It has a huge impact on a family running, an ABA programme,because we have people working with Joe all day every day, and we have, so Joe has this big entourage of people, and initially we started with them working in the house, so it’s quite a big thing having people in your home all the time, so it’s not easy in a sort of,we have another child as well and it’s not easy for her, but because of the huge progress that Joe’s making then it’s definitely worth it.
Sean:
Oh, right! So you were watching Star Wars 2?
Joe:
What were you watching?
Sean:
Well I wasn’t watching television, I was playing my guitar…
Joe:
Yeah.
Sean:
Yeah.
Sean:
Do you play any instruments?
Joe:
I haven’t got any.
Sean:
What would you like to play?
Sean Rhodes:
At the moment, he’s doing very well on his conversational target. He understands how to have a conversation. The difficulty for Joe at the moment is dealing with the speed at which conversations go, and the unpredictable nature of conversations, particularly withinpeer groups.
Sean:
So you were telling me about rugby. OK, so how do you play rugby?
Sean Rhodes:
Adults will be far more forgiving within a conversational setting than his peers will be. Joe needs to be able to think much faster within those conversations.
Joe:
….if you’ve got the ball somebody grabs you to the ground and if they don’t drag you to the ground you run and then you score a‘try’!
Sean:
Fantastic! and what do you do after you’ve scored a ‘try’?
Joe:
…You say then ‘Yeah, TRY!’
Sean:
That’s right, you do…
Sean Rhodes:
I’ll wait but one of his peer groups, they may well not wait for the answer and decide that Joe isn’t really a very reinforcing person to converse with, so the main target would be looking at improving his conversational skills.
Joe:
… the referee.
Sean:
The referee, and what would he say?
Joe:
Um…
Sean:
He’d say…
Joe:
Lee.
Sean:
You can’t do that.
Sean:
You can’t do that.
Joe:
Don’t do that.
Sean:
And what does he keep in his pocket? Do you know?
Joe:
A prize?
Sean:
Not a prize.
Joe:
But they do get a silver cup.
Sean:
They do get a silver cup if they win.
Rebecca Moseley:
When I started working with him, he was not in school the wholeday so he would be in school maybe for the morning, and then at home in the afternoon or vice versa, and then we would do work with him at home about half of the day, and then be his shadow atschool when we’re at school, and now he’s in mainstream school full time and the tutors shadow him when he’s at school, and then we also come home and do some work with him after school for an hour or an hour and a half each evening.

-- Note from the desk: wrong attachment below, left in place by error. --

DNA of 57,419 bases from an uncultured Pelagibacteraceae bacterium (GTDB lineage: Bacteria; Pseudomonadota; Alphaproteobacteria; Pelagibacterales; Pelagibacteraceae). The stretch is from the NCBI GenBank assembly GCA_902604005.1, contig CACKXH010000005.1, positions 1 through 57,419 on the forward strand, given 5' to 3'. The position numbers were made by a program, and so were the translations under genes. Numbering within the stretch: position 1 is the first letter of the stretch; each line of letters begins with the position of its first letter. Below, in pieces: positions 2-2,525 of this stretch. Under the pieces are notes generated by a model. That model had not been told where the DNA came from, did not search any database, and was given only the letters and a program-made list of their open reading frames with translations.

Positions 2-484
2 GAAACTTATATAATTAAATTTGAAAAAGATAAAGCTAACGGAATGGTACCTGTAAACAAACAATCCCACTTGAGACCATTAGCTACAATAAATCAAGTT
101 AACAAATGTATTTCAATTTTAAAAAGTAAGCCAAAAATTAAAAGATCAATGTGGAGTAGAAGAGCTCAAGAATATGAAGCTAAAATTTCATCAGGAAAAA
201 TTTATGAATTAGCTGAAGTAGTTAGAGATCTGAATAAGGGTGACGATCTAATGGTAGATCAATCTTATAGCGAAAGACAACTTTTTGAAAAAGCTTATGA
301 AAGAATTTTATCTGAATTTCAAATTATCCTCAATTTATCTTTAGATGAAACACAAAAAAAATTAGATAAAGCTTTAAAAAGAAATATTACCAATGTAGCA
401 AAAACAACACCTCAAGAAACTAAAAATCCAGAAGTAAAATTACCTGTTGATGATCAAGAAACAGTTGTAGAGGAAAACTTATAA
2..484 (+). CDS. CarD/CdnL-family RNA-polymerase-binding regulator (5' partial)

Rebecca:
Okay, choose something else. You’re allowed five things.
Joe:
That!
Rebecca:
Spiderman suit. Good. One. How much is that?
Joe:
Can I say something?
Rebecca:
How much is that?
Rebecca:
We use the menu with Joe. Each morning, we’ll choose five things to put on the menu, and those things are reinforcers that he wantsto have so there’s a large list that he can choose from, and he picks five per day, and they all cost varying amounts of tokens and at theend of the day he has a time where he can cash in those tokens andbuy effectively one of his reinforcers that are on the menu. He earns them by doing things that he’s been asked to do straight away, by complying. We make sure that we’re all, all thetutors are consistent in how many we give him for different things.The calendar that we use with Joe has various things that happen throughout the day on it. I’ll read that through with Joe at various points throughout the day, just reminding him of the, of the fun things that are coming up, and he knows that if he behaves inappropriately, i.e. if he speaks to me really aggressively, maybe when at a time when I'm asking him to do some work or something like that, then he knows that we’ll put a line through one of the things on the calendar and he knows that that means that he then won’t get it.
Andy Toller:
Joe’s progress has been really phenomenal since the therapists have started working with him as intensively as they do. He’s taught, they’ve taught him to communicate through speech really, rather than through other methods, and we never thought that he would’ve made the progress that he made, we never anticipated that Joe would be the child that he is now. He’s pretty much joined our world, which is what we really wanted, him to become part of our family and he has done that, which isreally encouraging.
End transcript: This extract taken from ED209: Child Development.
Copy this transcript to the clipboard
Print this transcript
This extract taken from ED209: Child Development.
Interactive feature not available in single page view (see it in standard view).
ED209_1

Take your learning further

Making the decision to study can be a big step, which is why you'll want a trusted University. The Open University has 50 years’ experience delivering flexible learning and 170,000 students are studying with us right now. Take a look at all Open University courses.

If you are new to university level study, find out more about the types of qualifications we offer, including our entry level Access courses and Certificates.

Not ready for University study then browse over 900 free courses on OpenLearn and sign up to our newsletter to hear about new free courses as they are released.

Every year, thousands of students decide to study with The Open University. With over 120 qualifications, we’ve got the right course for you.

Request an Open University prospectus